I went through RCIA in 2008 and had to ram a steel rod in my spine before attending each dismissal Mass. I went to two Sunday Masses each weekend - one dismissal, one real - just so I could be present at the Sunday Mass. The readings are wonderful, the homilies are a treasure, but without the Mass how can you know Jesus in the Blessed Sacrament? How can you participate and pray along with the others? I needed to experience the Eucharistic prayers, see the host, watch the faithful receive Holy Communion. That’s Jesus with us. I also attended 2 or 3 weekday Masses as well as 2 or 3 Holy Hours. How else can someone know they want to be a Catholic? Without Mass, the service is more Protestant than Catholic.

I know I don’t have a vote, but if I did it would be to eliminate dismissals. Teach scripture after Mass. Don’t take the people who want to know Jesus away from Him.

For Poster #3 and beyond – You guys are responding in April 2009 to an OP from 2006 :slight_smile:

I started this recent spate of responses to the '06 posting - I’m new to this forum and missed the posted date. :slight_smile: However I don’t think that negates the feelings expressed by the respondents. Their responses have been helpful to me.

So be it :tiphat: And I’ll add my own 2 cents.

My class (I’m a 2009 Easter Vigil-er) didn’t separate the two. We were all in it together, and I don’t think it made a difference, really. Yeah, it did mean some of us candidates ended up going back over bare basics, but that’s a good thing, i think. Reinforces them nicely.

Also, we were never asked to leave Mass after the Liturgy of the Word. We were allowed to stay the whole way through (just not receive communion of course), and I thank the Lord for it, because it was wonderful to experience the Liturgy of the Eucharist and get a feel for what we were “working” for.

if any of you wish to volunteer to assist in our RCIA program I will be pleased to “do the Rites Right” and provide separate instruction and preparation for the catechumens and candidate, but until you do (PM me for location and times I will be happy to have you) or until somebody comes forward, I am not padre Pio and I can’t bilocate so it will be one class for the time being. Since in this diocese the current practice is to give priests the faculty to confirm baptized non-Catholics at Easter, that is how we will do it. When we get a new bishop, maybe that will change, but it is out of my hands.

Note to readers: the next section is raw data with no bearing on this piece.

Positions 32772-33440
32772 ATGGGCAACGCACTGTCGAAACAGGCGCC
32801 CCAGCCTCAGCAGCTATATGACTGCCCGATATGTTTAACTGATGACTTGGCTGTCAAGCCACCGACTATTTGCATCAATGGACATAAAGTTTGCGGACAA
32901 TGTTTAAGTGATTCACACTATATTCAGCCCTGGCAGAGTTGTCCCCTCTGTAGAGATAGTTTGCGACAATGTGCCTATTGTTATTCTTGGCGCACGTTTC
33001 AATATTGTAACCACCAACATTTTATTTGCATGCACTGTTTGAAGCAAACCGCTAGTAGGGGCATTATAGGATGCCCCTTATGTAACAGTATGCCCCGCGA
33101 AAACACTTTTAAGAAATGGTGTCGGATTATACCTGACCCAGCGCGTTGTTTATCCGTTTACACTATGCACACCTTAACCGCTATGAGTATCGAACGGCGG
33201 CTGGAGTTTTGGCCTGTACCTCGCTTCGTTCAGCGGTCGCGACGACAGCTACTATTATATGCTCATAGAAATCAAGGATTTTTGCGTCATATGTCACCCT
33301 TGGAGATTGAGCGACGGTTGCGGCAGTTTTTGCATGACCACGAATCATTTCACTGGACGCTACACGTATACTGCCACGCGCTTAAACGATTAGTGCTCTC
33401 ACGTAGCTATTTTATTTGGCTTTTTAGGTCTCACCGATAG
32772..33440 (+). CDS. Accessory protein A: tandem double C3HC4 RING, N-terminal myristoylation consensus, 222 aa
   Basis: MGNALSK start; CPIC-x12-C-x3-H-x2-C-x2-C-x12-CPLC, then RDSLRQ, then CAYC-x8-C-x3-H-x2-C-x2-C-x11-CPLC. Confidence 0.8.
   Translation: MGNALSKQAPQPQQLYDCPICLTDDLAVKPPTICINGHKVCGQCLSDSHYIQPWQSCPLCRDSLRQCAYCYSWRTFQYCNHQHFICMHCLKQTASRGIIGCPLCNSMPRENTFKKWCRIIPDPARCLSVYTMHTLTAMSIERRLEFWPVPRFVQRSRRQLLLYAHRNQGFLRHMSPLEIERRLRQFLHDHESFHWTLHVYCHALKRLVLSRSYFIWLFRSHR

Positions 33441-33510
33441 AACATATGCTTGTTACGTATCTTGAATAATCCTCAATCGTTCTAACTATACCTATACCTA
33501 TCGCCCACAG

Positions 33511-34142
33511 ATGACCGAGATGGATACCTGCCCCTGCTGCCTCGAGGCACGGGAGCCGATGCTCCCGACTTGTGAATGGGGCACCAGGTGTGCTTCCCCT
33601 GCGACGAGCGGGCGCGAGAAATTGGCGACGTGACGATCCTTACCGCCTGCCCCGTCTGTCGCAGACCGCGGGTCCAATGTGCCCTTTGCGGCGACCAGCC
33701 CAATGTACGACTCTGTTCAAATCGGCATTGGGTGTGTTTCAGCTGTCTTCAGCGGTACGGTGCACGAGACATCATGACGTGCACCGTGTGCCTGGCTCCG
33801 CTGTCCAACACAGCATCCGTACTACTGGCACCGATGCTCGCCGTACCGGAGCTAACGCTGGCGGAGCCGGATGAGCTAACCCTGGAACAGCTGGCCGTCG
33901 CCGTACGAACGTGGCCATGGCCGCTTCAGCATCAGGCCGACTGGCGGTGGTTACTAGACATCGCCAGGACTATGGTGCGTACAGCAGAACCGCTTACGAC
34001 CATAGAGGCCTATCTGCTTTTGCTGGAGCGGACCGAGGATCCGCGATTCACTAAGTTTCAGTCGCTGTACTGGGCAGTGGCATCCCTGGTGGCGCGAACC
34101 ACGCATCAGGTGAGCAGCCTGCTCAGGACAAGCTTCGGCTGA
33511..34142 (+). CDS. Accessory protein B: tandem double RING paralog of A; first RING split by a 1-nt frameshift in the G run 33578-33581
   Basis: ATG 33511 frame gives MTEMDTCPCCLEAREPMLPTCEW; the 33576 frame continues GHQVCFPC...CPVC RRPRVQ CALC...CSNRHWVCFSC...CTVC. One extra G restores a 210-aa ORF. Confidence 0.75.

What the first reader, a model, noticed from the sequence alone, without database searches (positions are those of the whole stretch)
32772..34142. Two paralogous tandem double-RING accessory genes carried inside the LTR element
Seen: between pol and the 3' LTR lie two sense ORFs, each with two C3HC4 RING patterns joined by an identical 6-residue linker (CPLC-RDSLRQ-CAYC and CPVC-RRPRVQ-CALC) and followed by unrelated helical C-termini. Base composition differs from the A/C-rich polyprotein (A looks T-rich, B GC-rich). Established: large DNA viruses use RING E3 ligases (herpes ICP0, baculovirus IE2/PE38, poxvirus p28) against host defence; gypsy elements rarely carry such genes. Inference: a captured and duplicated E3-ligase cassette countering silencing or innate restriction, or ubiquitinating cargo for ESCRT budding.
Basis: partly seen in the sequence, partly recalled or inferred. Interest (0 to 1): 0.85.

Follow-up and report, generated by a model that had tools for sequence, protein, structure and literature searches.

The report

Please do realize when making your critiques and suggestions, and relating your own experience, that you are speaking of one parish, in one diocese, and to enlarge that into a global statement about RCIA in general is inaccurate.

I just came to the same conclusion a few minutes ago before reading your post. I decided to start attending 2 masses for the same reasons. Thanks for your insight.

If they're going to dismiss candidates, then they should dismiss All non-Catholics. They shouldn't let you stay for the complete mass when you're not in RCIA, then change the rules once RCIA starts.

I started RCIA in August 2010. 
I'm a candidate (baptized & confirmed Episcopal)

Regarding catachumens and candidates being dismissed from mass halfway through, I don't like this practice. I want the full experience. I don't like leaving halfway through the mass because the entire mass has become important to me. If I leave halfway it will be as though I didn't really attend. First, I don't like missing the music but I'm blessed that I'm in the choir and can sing the music at rehearsal so in a way I won't miss out on the music. But the full mass is important to me more than just for the music.

The Eucharist Liturgy is one of the most moving parts of mass for me. The readings and homily are the least meaningful parts because I read the Bible on my own and by the time I hear them at mass I've already studied them in depth. The most meaningful parts of the mass are the prayers, especially the ones during the Eucharist Liturgy.

I plan to start attending the earlier mass, get the full experience, then attend the half-mass with RCIA. That works. I'd miss a few minutes of choir rehearsal but I'll get most of it. It's a great solution. Just means I'll have to get up :45 minutes earlier in order to attend 2 masses. Well I should get up early anyway. ;)

I’m in rcia class . Before im done will I have to go to confession? A friend of mine said I have to . We have not talked about it in class…

That depends, have you been baptized? If you have been baptized, then you will be prepared for and go to confession right before you receive confirmation and first communion. If you have not been baptized, then baptism washes away all sins. Hopefully sometimes after the Easter Vigil, you will be prepared for and encouraged to go to confession.

As for not having talked about it in class, it is still pretty early. You can ask whoever is in charge of your RCIA, but I imagine that closer to the actual time, you will receive more info about how exactly things work in your parish. :thumbsup:

As an educator I can tell you that our group this year needs to be seperated, not by who has been baptized or not, but by reason of knowledge of basic Christian beliefs and scripture. It’s almost painful to spend 2 hours with this group. Starting tomorrow night, we will have two groups. In the long run, I think each group will learn more. Once Lent begins the groups will merge again.:wink: